President Donald Trump insisted toward the end of his reelection campaign that a coronavirus vaccine would be developed by the end of 2020, despite derision and doubts cast by Democrats and members of the media.
Nevertheless, his predictions proved to be correct and the vaccine is already being distributed, including to the justices on the United States Supreme Court who will be among the first to receive it, The Associated Press reported.
In a letter to Senate Majority Leader Mitch McConnell (R-KY), Dr. Brian Monahan, the attending physician for members of Congress as well as members of the Supreme Court, said that vaccine doses would be earmarked for individuals who are needed to maintain “continuity of government operations,” including certain Capitol Hill figures as well as members of the nation’s highest court.
“My recommendation to you is absolutely unequivocal: there is no reason why you should defer receiving this vaccine,” Monahan said, according to Roll Call. “The benefit far exceeds any small risk.”
Pence receives vaccine
Monahan explained that the vaccine distribution would be held in stages among the “Capitol community.”
“Once we have completed the vaccination of the Members, we will follow a process to identify the continuity-essential staff members in the various divisions of the Capitol community in the coming weeks,” he continued.
He explained, “The appointing process will then continue until the small vaccine supply is exhausted. A second dose scheduling process will then begin later.”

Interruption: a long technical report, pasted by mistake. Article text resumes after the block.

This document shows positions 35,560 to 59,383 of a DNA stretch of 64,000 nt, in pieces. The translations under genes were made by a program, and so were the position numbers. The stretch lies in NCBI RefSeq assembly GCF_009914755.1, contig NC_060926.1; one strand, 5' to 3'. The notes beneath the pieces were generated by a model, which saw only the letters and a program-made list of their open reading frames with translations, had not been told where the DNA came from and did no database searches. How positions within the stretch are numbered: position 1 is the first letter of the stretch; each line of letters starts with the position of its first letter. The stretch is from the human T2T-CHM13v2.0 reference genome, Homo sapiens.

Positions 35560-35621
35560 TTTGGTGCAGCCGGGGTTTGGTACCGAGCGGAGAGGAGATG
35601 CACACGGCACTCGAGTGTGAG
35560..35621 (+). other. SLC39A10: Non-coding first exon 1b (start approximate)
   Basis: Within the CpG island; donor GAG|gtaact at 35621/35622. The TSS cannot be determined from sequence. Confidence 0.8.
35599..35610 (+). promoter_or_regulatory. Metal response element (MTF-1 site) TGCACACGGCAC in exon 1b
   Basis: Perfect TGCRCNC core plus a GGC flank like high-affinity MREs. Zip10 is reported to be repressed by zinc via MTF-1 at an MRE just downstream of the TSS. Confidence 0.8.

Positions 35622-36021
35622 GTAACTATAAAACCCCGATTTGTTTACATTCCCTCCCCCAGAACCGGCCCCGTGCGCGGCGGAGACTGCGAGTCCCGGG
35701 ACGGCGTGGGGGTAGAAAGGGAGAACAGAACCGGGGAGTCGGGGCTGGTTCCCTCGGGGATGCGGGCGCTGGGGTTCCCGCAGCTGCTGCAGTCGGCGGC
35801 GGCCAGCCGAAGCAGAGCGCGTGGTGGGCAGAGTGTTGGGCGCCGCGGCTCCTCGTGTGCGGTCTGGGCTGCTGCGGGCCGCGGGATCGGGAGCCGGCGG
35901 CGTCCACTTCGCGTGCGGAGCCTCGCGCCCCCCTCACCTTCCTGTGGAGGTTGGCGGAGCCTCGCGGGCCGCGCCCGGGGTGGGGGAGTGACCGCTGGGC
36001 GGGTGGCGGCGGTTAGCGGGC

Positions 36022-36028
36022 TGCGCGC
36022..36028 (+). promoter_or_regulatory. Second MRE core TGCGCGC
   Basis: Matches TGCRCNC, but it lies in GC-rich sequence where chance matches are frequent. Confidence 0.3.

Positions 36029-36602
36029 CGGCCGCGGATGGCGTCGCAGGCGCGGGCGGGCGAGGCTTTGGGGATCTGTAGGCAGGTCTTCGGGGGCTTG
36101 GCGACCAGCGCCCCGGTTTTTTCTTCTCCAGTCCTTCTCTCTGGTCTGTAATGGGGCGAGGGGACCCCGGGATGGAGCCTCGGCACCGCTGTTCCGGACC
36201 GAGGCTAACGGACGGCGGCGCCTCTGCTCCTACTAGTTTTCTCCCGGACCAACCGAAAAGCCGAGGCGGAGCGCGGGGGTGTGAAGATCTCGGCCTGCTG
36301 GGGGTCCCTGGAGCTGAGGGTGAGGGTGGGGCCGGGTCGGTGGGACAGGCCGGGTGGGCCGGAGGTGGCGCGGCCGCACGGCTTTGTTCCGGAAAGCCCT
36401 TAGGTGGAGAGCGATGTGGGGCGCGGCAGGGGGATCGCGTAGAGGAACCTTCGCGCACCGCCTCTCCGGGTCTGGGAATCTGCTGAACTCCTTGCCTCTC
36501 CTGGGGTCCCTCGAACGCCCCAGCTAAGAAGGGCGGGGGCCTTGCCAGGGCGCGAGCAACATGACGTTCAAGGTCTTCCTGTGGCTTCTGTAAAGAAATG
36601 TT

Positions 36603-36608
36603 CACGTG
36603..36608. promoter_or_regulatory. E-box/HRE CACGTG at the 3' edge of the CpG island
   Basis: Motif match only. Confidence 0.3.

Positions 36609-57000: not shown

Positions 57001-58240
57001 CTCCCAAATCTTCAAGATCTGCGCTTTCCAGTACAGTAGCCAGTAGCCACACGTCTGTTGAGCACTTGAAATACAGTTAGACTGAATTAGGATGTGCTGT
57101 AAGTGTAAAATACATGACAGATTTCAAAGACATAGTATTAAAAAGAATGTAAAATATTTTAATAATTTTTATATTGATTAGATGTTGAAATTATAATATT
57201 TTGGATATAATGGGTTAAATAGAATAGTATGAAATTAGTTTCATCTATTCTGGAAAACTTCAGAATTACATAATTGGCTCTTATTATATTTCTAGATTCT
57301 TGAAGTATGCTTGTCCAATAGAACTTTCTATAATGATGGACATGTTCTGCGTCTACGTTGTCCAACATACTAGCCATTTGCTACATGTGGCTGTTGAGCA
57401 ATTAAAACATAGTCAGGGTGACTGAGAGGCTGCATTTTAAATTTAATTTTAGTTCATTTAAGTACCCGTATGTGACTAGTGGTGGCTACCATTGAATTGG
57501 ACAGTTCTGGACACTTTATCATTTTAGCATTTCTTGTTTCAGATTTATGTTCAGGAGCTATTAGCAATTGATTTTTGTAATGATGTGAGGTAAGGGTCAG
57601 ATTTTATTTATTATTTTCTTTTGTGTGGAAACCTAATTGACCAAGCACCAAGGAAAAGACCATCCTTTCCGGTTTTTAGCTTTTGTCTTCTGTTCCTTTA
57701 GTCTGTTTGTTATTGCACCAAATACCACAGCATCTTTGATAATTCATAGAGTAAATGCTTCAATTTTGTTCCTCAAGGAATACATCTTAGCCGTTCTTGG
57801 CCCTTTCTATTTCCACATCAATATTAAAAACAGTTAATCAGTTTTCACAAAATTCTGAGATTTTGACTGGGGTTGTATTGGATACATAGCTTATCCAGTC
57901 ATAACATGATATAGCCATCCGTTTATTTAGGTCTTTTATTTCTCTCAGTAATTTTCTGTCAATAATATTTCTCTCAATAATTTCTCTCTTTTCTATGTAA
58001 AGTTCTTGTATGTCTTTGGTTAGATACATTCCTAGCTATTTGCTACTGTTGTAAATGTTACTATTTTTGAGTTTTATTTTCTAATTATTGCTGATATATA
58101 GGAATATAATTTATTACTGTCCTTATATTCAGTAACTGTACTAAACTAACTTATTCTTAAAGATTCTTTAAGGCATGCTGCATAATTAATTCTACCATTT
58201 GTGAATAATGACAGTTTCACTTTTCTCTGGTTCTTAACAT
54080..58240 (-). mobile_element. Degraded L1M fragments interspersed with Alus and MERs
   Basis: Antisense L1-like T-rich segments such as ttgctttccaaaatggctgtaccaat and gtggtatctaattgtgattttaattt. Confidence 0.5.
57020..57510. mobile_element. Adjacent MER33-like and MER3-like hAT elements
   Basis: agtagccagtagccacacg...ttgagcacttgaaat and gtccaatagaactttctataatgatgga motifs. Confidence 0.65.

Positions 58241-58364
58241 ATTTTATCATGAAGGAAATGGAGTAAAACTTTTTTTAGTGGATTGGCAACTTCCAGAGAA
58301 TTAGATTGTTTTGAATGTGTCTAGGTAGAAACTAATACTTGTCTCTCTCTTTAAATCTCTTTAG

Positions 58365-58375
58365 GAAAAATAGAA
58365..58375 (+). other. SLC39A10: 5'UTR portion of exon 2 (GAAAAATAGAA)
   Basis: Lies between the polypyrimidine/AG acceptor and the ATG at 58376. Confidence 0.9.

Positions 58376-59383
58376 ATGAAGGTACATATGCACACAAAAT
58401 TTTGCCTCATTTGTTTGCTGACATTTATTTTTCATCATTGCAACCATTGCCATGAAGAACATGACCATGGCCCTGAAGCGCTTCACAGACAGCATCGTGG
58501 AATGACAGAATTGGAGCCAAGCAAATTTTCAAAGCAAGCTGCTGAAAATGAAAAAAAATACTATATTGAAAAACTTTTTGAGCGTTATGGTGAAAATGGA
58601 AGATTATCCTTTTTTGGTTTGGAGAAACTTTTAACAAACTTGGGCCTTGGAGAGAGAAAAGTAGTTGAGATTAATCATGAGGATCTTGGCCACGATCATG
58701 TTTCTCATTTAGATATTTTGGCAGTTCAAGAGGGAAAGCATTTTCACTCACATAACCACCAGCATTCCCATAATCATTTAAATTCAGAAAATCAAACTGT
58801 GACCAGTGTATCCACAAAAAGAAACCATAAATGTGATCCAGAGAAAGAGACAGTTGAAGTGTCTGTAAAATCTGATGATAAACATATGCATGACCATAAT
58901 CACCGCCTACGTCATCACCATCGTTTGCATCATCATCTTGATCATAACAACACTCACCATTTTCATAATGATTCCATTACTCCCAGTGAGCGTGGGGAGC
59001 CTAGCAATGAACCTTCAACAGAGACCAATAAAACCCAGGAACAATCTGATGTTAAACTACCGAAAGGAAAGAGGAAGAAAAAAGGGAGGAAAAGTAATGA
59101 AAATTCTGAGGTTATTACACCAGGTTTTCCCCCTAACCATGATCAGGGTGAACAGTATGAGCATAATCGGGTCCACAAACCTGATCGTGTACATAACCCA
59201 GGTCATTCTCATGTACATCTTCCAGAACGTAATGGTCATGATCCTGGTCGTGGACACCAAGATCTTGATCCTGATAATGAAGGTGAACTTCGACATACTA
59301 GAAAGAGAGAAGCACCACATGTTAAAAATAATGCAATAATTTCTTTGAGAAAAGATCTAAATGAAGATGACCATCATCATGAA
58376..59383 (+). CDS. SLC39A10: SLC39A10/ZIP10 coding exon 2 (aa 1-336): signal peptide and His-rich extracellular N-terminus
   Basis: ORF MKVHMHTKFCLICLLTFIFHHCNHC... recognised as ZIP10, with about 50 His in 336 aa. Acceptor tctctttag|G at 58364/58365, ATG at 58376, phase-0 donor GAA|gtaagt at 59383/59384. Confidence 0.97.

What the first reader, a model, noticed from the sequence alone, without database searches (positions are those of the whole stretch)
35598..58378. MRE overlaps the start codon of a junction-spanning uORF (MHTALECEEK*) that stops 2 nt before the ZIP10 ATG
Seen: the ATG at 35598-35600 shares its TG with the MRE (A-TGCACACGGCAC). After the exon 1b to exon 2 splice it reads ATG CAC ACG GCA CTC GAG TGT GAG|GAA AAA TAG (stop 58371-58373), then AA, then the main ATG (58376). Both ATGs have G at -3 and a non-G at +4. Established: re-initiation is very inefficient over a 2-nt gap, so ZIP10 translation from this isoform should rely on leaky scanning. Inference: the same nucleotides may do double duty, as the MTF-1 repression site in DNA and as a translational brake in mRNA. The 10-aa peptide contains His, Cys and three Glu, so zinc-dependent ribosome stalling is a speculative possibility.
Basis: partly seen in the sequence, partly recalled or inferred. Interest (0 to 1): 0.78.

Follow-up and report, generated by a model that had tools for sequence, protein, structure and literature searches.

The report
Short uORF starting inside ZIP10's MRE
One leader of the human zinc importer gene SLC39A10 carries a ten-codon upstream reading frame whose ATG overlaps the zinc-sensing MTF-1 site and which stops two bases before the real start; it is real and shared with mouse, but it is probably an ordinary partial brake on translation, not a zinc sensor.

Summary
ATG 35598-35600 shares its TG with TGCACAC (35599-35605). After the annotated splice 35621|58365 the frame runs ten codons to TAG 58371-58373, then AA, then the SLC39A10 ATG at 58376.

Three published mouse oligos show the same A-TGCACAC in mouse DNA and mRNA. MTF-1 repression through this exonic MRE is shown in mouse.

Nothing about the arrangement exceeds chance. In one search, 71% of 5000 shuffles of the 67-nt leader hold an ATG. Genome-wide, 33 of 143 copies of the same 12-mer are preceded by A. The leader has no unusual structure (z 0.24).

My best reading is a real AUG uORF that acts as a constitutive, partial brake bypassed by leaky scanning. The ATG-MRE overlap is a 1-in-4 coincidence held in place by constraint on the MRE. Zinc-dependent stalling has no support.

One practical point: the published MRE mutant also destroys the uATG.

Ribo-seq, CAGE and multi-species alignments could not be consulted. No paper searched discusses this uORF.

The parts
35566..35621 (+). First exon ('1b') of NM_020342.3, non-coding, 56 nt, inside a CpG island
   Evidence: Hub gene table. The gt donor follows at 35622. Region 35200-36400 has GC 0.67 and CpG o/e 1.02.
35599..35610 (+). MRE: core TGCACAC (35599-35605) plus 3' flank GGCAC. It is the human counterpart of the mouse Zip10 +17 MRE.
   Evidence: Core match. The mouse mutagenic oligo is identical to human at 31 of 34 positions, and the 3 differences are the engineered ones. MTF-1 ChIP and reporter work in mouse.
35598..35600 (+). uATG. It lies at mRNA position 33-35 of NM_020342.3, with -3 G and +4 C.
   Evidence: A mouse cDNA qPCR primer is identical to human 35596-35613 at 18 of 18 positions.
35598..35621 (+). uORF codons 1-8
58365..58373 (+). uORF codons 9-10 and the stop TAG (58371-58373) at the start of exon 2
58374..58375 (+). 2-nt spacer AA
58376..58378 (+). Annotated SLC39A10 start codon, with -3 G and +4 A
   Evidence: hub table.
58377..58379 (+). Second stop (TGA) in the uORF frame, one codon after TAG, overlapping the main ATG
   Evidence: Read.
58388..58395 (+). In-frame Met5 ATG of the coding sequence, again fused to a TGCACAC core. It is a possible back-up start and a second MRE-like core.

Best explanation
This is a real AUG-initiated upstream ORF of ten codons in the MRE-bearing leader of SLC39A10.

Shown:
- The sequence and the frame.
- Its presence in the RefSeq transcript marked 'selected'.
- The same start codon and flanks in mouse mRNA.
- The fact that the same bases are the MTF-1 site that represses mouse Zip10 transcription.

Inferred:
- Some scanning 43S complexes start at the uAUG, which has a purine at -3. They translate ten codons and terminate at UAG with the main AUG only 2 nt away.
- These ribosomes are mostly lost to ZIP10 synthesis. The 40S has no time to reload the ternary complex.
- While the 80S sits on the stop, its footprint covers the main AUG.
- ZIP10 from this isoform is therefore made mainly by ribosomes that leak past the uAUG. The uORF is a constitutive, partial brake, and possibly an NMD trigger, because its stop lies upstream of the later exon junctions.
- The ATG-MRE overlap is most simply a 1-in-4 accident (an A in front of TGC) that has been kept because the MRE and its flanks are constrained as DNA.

Vice President Mike Pence received the vaccine on Friday in a televised appearance, the AP reported. “Karen and I wanted to step forward and take this vaccine to assure the American people that while we cut red tape, we cut no corners,” Pence said during remarks afterward.
House Speaker Nancy Pelosi (D-CA) announced Thursday in a press release that she would be getting the vaccine and urged others to do the same. On Friday, the congresswoman tweeted a photo of herself receiving the vaccine.
McConnell receives vaccine
McConnell also responded with a statement Thursday announcing that he will soon receive the vaccine: “Because of government continuity requirements, I have been informed by the Office of the Attending Physician that I am eligible for a COVID-19 vaccine, which I will accept in the coming days.”
He continued, “As a polio survivor, I know both the fear of a disease and the extraordinary promise of hope that vaccines bring. I truly hope all Kentuckians and Americans will heed this advice and accept this safe and effective vaccine.”
“Even with a vaccine, I will continue following CDC guidelines by wearing a mask, practicing social distancing, and washing my hands frequently,” he concluded. On Friday, McConnell tweeted a photo of himself with a physician after receiving the vaccine.